During discussions at a Coast Guard-sponsored meeting in Irvine, Calif., marine industry members highlighted the strides they have taken to minimize waste. Some cruise ships have voluntarily developed advanced programs for waste minimization and waste stream management. One practical example is using beverage containers without plastic rings.

Concerned civic organizations in Southern California recently banded together to promote a “Day Without a Bag.” Stores donated reusable bags and offered discounts and rebates to reusable bag users.

Through the “Sea Partners” campaign, U.S. Coast Guard and Coast Guard Auxiliary personnel educate the maritime industry and boating public on pollution issues via public education classes, vessel safety checks, voluntary commercial vessel exams, public marine events, and annual pollution prevention conferences. Through school visits and educational materials, the “Officer Snook” program communicates Sea Partners’ marine pollution mission to children.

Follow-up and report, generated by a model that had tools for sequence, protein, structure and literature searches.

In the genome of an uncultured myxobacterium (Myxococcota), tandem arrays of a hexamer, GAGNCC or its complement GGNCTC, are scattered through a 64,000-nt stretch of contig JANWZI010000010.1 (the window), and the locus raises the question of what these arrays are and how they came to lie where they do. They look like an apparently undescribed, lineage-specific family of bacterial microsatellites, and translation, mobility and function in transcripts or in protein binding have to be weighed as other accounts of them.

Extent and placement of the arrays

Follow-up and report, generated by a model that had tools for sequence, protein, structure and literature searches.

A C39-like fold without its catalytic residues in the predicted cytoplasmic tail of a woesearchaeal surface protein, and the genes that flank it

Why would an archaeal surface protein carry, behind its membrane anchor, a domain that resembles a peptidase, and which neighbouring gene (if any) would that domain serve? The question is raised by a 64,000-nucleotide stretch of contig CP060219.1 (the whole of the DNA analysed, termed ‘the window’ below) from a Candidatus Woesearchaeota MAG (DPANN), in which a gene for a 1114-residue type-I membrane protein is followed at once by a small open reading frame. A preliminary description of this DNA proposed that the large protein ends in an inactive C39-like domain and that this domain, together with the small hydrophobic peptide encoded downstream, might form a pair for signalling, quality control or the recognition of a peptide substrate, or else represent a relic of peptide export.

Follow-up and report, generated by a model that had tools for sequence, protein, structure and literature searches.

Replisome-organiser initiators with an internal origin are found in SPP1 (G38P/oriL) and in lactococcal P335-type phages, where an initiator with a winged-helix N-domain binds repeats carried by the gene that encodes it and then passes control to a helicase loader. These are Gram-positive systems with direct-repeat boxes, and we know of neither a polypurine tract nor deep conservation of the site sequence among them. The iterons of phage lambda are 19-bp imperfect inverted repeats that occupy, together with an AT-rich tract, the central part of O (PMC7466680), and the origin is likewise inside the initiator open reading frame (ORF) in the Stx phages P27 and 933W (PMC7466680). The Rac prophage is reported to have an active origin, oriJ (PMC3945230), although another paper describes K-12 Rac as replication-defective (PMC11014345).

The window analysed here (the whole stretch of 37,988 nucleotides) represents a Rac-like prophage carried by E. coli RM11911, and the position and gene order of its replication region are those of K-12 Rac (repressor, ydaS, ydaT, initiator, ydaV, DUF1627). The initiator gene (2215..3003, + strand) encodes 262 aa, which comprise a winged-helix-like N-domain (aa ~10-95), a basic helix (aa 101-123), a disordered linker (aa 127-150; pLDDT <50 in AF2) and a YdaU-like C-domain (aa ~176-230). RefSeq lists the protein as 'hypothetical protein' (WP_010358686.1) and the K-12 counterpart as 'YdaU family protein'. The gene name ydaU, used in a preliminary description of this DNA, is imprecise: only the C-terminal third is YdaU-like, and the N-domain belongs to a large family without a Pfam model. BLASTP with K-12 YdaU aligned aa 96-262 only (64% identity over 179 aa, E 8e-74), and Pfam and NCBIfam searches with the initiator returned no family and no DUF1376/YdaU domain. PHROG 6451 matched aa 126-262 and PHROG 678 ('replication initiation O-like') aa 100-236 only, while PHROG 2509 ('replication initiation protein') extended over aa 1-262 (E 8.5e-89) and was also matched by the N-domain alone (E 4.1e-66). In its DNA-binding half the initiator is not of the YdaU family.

Looking Forward
While the Coast Guard has authority over a mere fragment of items that might be considered marine debris, it is fitting that the solution to a problem composed of small persistent fragments is found in the aggregate effect of small contributions to marine debris prevention and reduction.

Through its regulatory authorities, the U.S. Coast Guard can limit the amount of persistent items entering the environment from sea-based sources. As a partnering organization, it can cooperate with international counterparts to prevent the deposition of debris beyond U.S. jurisdiction; work with government agencies to develop policy that will reduce marine debris; remove items that pose significant harm to the environment; and assist industry to develop strategies that exceed legal obligations, especially in regard to garbage handling and source reduction.

Most importantly, the U.S. Coast Guard can educate a concerned public about the dangers of marine pollution and its ability to ensure that marine debris will become less pervasive.

For more information:
Full article and “Environmental Protection” edition of USCG Proceedings is available at http://www.uscg.mil/proceedings/Winter2008-09/.

Subscribe online at http://www.uscg.mil/proceedings/subscribe.asp.

Direct requests for print copies of this edition to: HQS-DG-NMCProceedings@uscg.mil.